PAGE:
While it is not possible to move the school, we can avoid construction of new lines that place people in environments that have been determined to be risky. I am arguing for an end to tower proliferation near schools, or places where children spend time.

Today electromagnetic fields are all around us. With 4 billion people using cell phones, we don’t even need to own one to be exposed.

Radiation is everywhere from a variety of sources, from the Earth’s magnetic fields to man-made sources of non-ionizing EMF generated by electric wiring in our homes, from sunlight containing infrared and ultraviolet frequencies to magnetic resonance scanners extensively used in medicine.

With the appreciation of the benefits that this technology brings to our lives, the mobile telephone industry has grown rapidly, and a network of electric currents generates EMFs all around us. However, the mounting evidence that radiation might adversely affect health leads to the belief that exposure in our everyday life must be controlled.

For the sake of the world as a whole, I hope that “we the people" respond to the special interests that helped to write the legislation that became law "” the Telecommunication Act of 1996 that basically states that local authorities can’t regulate the placement of or ban these towers "” defending our right to have a voice and a vote in matters of public concern.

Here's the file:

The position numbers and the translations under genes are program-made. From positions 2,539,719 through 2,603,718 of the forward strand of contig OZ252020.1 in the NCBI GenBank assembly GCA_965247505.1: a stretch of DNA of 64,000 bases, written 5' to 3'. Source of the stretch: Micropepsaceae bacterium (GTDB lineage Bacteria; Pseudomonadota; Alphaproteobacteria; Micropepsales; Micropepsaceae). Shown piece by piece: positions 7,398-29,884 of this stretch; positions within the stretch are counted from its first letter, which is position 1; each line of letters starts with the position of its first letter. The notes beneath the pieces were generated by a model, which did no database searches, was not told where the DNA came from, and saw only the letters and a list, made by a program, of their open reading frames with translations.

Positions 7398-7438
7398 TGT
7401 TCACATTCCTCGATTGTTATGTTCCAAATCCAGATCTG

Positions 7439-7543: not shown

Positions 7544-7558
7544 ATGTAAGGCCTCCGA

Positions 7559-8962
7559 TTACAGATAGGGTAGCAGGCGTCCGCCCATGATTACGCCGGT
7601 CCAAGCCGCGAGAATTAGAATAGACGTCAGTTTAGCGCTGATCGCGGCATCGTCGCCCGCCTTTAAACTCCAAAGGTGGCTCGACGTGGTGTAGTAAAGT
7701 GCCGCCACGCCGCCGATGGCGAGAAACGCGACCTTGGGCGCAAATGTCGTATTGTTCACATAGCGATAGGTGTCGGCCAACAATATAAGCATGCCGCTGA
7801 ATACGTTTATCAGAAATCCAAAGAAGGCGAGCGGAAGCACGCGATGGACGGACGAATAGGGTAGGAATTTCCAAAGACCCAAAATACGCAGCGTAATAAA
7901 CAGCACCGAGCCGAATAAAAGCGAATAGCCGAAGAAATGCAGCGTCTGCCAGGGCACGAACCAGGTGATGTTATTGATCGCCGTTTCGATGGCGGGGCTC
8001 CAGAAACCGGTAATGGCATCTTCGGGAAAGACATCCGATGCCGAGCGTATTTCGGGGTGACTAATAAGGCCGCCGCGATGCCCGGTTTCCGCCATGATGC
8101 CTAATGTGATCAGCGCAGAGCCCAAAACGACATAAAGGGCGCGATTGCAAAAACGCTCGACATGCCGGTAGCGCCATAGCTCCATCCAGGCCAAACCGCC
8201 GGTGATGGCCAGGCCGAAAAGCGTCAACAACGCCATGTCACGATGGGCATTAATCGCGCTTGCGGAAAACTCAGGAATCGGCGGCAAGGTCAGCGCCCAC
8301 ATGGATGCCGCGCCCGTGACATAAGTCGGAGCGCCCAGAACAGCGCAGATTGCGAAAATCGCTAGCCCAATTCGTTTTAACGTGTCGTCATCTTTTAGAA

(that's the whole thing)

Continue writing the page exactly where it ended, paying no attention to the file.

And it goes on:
We must hold lawmakers accountable for giving the industry freedom to install towers wherever they want. Doing this will strengthen our local officials to represent us and protect the welfare of the community.

In any case, one thing is clear: We have not only the right, but the obligation to protect our children and ourselves.

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GUSTAVO GRAD

Laguna Beach

‘Radio WHIK’ shows off local talent

Again our No Square Theatre presented another first-class show last weekend! What a privilege to enjoy the professional talent, energy and delightful music of “Radio WHIK Back on the Air! Part 2" show. We appreciate the dedication of so many talented folks who contribute to community theater here.

My Midwestern livin’ and visitin’ sister-in-law commented, “Wow! That was just an amazing amount of talent on display you have here!"

To which we explained with pride and enthusiasm that no, this was wonderful, but no exception. We also enjoy with regularity the ongoing sophisticated performances of Lagunatics and ABBAsolutely Fabulous, to name two in just this past year. Indeed, it is a privilege. Thank you! Ya’ll come back soon.

EARLE and LAURA WELLSFRY

Laguna Beach

Of loaves, fishes a nd the homeless

The Lukash cartoon on Feb. 5’s Forum page asked, “If Jesus fed the multitude in Laguna Beach today"¦" and it was answered by a City Council character with, “Could you move this to the shelter?"

I would have answered more appropriately with, “Could you move this to one of your 10 or so Laguna Beach churches (listed in the same issue)?" The problem with that would be, which of the 10 or so churches, if any, Jesus would pick as his one and only true church? Maybe the shelter isn’t such a bad idea after all.

NIKO THERIS

Laguna Beach

Tunnel project should be stopped

The tunnel that a major engineering firm deemed feasible recently is actually a two-tunnel project. The engineers were paid to justify and rubber stamp it by the combined transportation agencies of Riverside and Orange counties, and this insanity should be abandoned, now.

The first phase is estimated at $8.6 billion, the second phase dependent upon funds generated by the first, if you read the fine print. So who wants to write a blank check that doesn’t guarantee a finished product? Would the proponents of this fiasco in progress buy a car without a set final price and warranty? I don’t think so.